DUI TRAFFIC STOP - Illinois Supreme Court decision may allow momentary inadvertent inching across highway lane divider as basis for law enforcement investigatory stop. First Paragraph: On Friday, July 6, 2012, the Illinois Supreme Court overruled the Hackett opinion of the Third District Appellate Court. People v. Hackett, 2012 IL 111781
Prior to the Supreme Court's opinion, Hackett stood for the rule that a police officer was not justified in stopping a driver who crossed over a lane line unless it was for some reasonably appreciable distance. The Appellate Court had ruled that there are too many innocent circumstances which may cause a driver to inadvertently and momentarily inch across a highway lane divider.
In Hackett, the driver was driving in the left, or passing, lane of a four-lane highway. The officer testified that Hackett went slightly over the black and white striped line between the two northbound lanes twice, 4 or 5 seconds apart.
The Circuit Court (trial court) had held that Hackett's driving did not give the officer reasonable grounds to stop him. The appellate court agreed.
The Supreme Court ruled that the Illinois lane usage statute does not differentiate between driving a long or short distance over the centerline, so distance is not a dispositive factor in determining whether the stop was justified.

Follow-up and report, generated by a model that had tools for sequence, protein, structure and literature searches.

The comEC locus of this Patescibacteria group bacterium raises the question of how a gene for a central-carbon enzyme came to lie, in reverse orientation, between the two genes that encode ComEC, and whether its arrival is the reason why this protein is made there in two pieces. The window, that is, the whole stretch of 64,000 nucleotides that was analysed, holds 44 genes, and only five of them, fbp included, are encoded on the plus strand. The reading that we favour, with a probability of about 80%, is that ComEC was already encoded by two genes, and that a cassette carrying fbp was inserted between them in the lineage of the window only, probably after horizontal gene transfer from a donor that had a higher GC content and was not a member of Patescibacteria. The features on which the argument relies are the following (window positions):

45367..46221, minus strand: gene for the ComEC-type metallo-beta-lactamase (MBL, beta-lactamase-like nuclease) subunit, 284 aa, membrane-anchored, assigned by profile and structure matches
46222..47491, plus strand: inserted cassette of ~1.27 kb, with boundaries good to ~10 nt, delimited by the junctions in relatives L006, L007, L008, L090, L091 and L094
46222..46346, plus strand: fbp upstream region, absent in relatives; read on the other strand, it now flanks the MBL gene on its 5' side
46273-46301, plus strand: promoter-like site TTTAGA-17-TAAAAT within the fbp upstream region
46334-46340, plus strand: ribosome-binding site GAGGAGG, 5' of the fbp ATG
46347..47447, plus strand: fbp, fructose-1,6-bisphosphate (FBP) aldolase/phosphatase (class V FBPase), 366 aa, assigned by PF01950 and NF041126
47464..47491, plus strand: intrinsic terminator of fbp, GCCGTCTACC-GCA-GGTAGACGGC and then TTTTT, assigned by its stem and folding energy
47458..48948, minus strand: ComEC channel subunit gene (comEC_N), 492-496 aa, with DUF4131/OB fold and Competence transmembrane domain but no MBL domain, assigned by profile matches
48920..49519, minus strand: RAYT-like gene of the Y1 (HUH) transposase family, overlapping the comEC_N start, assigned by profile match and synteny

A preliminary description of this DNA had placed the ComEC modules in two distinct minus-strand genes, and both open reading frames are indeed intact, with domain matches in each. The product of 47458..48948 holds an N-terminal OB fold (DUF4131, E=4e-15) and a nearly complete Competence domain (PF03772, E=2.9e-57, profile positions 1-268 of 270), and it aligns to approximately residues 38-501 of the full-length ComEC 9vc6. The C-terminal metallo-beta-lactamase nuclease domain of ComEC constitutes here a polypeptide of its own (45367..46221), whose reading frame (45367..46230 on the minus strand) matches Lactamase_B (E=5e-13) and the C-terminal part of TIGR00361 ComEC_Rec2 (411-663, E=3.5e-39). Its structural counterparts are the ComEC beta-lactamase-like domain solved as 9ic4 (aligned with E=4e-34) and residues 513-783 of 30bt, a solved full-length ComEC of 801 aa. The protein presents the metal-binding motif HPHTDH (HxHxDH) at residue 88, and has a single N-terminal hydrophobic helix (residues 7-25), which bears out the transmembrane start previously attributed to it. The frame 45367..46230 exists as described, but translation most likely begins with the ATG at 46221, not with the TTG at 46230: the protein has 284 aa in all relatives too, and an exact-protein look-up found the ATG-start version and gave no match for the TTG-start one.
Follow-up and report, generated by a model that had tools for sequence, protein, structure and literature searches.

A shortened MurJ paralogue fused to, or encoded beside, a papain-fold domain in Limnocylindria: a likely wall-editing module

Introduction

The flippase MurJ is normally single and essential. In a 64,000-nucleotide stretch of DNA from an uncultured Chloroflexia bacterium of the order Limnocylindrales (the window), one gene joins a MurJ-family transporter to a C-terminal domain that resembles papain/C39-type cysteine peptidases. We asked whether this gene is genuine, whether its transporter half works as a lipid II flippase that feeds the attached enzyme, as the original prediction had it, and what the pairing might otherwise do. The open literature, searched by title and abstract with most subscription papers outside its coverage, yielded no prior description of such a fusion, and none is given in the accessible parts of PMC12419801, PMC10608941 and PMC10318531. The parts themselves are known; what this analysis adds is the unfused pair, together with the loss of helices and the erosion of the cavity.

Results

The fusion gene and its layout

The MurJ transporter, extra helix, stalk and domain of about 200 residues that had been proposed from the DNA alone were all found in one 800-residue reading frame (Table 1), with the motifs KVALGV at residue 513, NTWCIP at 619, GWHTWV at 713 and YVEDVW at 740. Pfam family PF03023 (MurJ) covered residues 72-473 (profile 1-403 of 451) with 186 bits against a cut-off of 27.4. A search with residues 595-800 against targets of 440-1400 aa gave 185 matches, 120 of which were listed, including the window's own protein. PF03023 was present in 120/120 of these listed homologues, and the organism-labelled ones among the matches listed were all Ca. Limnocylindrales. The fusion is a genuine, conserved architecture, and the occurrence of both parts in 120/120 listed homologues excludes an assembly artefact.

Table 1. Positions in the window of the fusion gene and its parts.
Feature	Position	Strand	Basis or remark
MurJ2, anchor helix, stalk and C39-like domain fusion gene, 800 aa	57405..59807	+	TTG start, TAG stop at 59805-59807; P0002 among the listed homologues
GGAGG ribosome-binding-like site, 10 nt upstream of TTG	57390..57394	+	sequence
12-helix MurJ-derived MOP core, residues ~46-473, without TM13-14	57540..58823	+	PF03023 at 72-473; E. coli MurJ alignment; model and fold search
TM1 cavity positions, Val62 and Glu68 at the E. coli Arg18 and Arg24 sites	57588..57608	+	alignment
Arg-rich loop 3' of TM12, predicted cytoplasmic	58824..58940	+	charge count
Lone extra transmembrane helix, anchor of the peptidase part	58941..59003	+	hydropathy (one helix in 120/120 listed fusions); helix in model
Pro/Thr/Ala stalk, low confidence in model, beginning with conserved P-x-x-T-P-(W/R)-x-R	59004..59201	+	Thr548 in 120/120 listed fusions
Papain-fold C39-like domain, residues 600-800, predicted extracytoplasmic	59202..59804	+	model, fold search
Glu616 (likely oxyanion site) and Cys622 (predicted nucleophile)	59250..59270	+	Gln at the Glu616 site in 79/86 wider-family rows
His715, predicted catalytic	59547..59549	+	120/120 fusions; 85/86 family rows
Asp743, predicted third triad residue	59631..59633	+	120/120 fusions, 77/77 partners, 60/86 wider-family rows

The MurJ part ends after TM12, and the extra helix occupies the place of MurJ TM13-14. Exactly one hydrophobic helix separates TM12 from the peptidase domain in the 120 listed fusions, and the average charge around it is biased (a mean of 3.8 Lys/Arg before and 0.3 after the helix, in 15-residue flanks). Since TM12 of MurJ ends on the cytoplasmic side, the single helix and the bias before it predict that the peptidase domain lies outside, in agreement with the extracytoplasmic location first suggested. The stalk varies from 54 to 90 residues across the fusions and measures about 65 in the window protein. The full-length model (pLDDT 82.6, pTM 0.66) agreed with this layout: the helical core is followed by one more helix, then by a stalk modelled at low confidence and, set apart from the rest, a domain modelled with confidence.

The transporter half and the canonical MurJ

The Court agreed that vehicle stops by police officers are subject to the fourth amendment's reasonableness requirement. As a general matter, it held that where the police have probable cause to believe a traffic violation has occurred, they may stop the driver but the Court also held that the less exacting standard of a "reasonable, articulable, suspicion" that a traffic violation had occurred, will justify a traffic stop. That is, the officer's belief need not rise to the level of probable cause to believe a traffic violation had occurred.
The Court noted that the lane usage statute creates an exception for violation because it requires driving only as near as "practicable" in one lane. Thus, whether there is "probable cause" or not to support charge of violation of the lane law statute requires a fact specific inquiry regarding, for instance, weather, road conditions, visibility, and obstacles which may be present. However, for the purpose of a traffic stop, the officer need not make all of these inquiries and rule out the exceptions - in judging a police officer's conduct, courts should apply an objective standard, considering whether the facts available to the officer at the moment of the seizure justify the actions taken. It may be a fair summary of Hackett that - if there are not readily apparent circumstances showing why driving in the same lane is not practicable - the officer may stop a vehicle to inquire further into the reason for the lane deviation.
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